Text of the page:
The film followed the trials of the city-educated Arjun Yadav (Deol) who returns to his village to discover that the local zamindar Thakur Bhanwar Singh’s (Raza Murad) land grabbing antics have forced his friend Makhan Mallah (Raj Nanvag) to become a dacoit. Arjun’s elder brother Amrit (Suresh Oberoi) gets into a tussle with Bhanwar Singh’s son, Badri (Dan Dhanoa), which leads to a blood feud between the two families.
Arjun tries to follow the path of law by trying to register a complaint against the Thakurs but the no-good local cop Vishnu Pande (a stellar Paresh Rawal) ensures that nothing comes off it. On the day of the marriage of Arjun and Amrit’s sister, Shanta (Urmila Matondkar), Bhanwar Singh avenges his son’s honour. Amrit is killed and hung from a tree, Shanta is raped and forced to commit suicide and their mother (Rakhee) with a shaved head is made to dance in front of everyone.
Bhanwar Singh leaves Arjun to die but fate decides otherwise. Arjun survives the ordeal and becomes a dacoit hiding in the ravines and plotting his revenge. In many ways ‘Dacait’ is the ideal Hindi film that came to define the 1980s – it tried to mix art-house and popular and attempted something that was same, same but different.
It was a throwback to the yesteryears in terms of characters, theme as well as the narrative but Rawail tried to adorn it with a different treatment. Dacoit films have been a near rite of passage for many stars – Dilip Kumar (‘Ganga Jamuna’ (1961), Sunil Dutt (‘Mujhe Jeene Do’ (1963), Dharmendra and Vinod Khanna (‘Mera Gaon Mera Desh’ (1971), Amitabh Bachchan (‘Ganga Ki Saugandh’ (1978), Mithun Chakraborty (‘Daata’ (1989) and later Sanjay Dutt (‘Jai Vikranta’ (1995) – and while most films have high drama (‘Heera’ (1973), ‘Rajput’ (1982) and extremely stylized (‘Sholay’ (1975) some like ‘Ghulami’ (1985) and ‘Batwara’ (1989) still managed to explore the intricacies of the caste system that led to young men taking up arms.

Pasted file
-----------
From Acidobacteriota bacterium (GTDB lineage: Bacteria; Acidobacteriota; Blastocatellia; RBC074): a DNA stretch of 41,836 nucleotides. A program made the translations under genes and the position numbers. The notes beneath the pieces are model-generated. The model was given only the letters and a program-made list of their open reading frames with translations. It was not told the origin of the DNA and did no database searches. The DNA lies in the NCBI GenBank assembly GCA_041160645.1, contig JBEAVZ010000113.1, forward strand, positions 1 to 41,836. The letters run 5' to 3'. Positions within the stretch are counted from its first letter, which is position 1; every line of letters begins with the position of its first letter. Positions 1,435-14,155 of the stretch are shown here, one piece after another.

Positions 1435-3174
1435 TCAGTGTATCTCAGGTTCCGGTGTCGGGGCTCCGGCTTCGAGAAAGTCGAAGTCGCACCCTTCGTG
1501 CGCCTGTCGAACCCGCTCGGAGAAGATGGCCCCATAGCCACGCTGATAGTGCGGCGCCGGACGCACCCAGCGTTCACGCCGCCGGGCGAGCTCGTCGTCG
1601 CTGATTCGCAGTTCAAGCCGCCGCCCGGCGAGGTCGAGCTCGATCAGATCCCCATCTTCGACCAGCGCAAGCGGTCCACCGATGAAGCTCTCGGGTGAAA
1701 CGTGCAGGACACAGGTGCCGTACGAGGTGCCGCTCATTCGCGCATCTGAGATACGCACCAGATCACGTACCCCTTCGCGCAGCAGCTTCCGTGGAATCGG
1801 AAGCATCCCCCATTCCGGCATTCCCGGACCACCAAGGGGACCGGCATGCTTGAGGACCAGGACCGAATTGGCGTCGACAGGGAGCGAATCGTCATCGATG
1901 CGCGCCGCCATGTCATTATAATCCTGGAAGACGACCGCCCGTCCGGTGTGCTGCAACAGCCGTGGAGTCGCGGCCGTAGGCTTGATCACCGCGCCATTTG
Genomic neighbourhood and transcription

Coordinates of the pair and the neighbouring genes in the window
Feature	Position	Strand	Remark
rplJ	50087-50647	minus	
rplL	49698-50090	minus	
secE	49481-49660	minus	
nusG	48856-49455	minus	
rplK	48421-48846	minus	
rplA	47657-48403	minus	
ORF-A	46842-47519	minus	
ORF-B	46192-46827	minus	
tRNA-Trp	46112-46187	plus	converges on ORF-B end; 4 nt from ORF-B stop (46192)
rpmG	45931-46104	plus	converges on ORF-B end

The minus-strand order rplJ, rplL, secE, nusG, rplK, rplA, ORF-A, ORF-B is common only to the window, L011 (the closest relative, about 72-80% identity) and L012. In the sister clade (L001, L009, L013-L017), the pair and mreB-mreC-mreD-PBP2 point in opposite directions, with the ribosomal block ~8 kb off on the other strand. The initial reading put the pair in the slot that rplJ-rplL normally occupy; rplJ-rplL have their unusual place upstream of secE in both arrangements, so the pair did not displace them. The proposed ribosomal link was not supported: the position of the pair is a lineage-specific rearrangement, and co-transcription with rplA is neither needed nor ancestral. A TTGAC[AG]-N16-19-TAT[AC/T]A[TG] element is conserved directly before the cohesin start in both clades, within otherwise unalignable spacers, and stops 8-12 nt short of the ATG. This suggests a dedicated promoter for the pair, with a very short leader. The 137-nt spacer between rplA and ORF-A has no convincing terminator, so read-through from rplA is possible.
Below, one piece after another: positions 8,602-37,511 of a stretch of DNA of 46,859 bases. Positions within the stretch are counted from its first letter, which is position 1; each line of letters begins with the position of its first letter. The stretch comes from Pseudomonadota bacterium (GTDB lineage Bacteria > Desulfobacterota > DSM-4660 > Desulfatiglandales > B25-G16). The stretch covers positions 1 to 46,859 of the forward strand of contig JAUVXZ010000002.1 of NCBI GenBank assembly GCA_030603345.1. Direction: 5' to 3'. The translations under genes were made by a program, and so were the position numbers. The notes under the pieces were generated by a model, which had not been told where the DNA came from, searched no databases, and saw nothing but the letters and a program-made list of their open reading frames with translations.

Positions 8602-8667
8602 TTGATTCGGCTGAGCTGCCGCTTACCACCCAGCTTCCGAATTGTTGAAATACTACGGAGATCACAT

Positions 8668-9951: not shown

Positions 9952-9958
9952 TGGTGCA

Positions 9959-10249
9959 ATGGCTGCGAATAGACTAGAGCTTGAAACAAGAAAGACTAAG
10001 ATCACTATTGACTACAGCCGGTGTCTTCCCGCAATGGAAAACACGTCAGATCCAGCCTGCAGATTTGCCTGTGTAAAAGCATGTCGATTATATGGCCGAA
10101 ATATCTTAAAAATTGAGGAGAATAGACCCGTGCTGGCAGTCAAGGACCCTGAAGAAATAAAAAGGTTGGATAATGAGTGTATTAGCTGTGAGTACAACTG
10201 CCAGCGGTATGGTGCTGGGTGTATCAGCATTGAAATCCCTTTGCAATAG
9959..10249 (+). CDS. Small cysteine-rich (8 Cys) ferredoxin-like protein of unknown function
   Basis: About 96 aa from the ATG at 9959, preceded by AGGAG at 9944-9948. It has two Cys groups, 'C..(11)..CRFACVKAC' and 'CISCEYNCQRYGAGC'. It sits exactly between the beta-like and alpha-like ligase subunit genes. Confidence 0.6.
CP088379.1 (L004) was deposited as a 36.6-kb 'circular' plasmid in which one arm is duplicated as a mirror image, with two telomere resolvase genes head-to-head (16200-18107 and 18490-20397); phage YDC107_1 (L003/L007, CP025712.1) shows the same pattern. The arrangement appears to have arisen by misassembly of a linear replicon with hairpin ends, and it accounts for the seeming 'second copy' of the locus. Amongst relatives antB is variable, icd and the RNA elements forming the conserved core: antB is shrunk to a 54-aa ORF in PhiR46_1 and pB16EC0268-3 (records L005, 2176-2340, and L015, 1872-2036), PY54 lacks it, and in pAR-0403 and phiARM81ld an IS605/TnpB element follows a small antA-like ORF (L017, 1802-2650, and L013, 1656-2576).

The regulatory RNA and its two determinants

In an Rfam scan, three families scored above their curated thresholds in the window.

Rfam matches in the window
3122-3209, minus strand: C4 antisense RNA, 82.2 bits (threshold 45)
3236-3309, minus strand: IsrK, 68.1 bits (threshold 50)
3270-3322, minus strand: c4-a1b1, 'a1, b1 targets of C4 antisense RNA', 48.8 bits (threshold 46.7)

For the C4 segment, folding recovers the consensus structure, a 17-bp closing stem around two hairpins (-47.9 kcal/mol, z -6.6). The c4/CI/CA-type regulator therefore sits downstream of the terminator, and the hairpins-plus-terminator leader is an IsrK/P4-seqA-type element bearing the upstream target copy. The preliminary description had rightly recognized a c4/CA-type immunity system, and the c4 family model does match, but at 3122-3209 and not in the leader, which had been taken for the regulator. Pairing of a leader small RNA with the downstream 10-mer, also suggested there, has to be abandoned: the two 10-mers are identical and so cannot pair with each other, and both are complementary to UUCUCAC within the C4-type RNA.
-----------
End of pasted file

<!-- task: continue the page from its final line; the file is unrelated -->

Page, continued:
‘Dacait’ follows the tradition of ‘Mujhe Jeene Do’ and ‘Ganga Jamuna’ where it probes the circumstances that prompt the making of a brigand and tried to balance the art and commerce. According to an interview given by the film’s cinematographer Ranjan Kothari in the book ‘40 Retakes’, ‘Dacait’ seemed to lose track towards the second half and especially due to the manner in which Javed Akhtar and Rahul Rawail approached the climax of the film.
Apparently Rawail wanted the end to feature Arjun strangling Bhanwar Singh with a sash that he tied around his head but Akhtar thought it was too ‘unheroic.’ Even though two endings were shot, the one retained was Akhtar’s version that featured Arjun gunning down Bhanwar Singh and Shafi Inamdar, an honest super cop who sympathises with Arjun, shooting him.
In a time when ‘Bandit Queen’ (1994) and ‘Paan Singh Tomar’ (2010) hadn’t happened and mainstream cinema was largely experienced to be entertained, ‘Dacait’ might have felt a tad too much of a downer. The fiasco of the film prompted commercial Hindi cinema to revert to somewhat safer bets and an example of this can be clearly seen in the way one of the then most promising young filmmakers, Subhash Ghai went from ‘Meri Jung’ to ‘Karma’ (1986) to ‘Ram Lakhan’ (1989).
Today, watching ‘Dacait’ seems like watching two different films split by an interval where the first-half that looked weaker on paper to the filmmakers seems more organic and the second half, which felt stronger during the narration, appears perfunctory and listless. But irrespective of what hindsight might proffer, ‘Dacait’ is a worth more than a second look.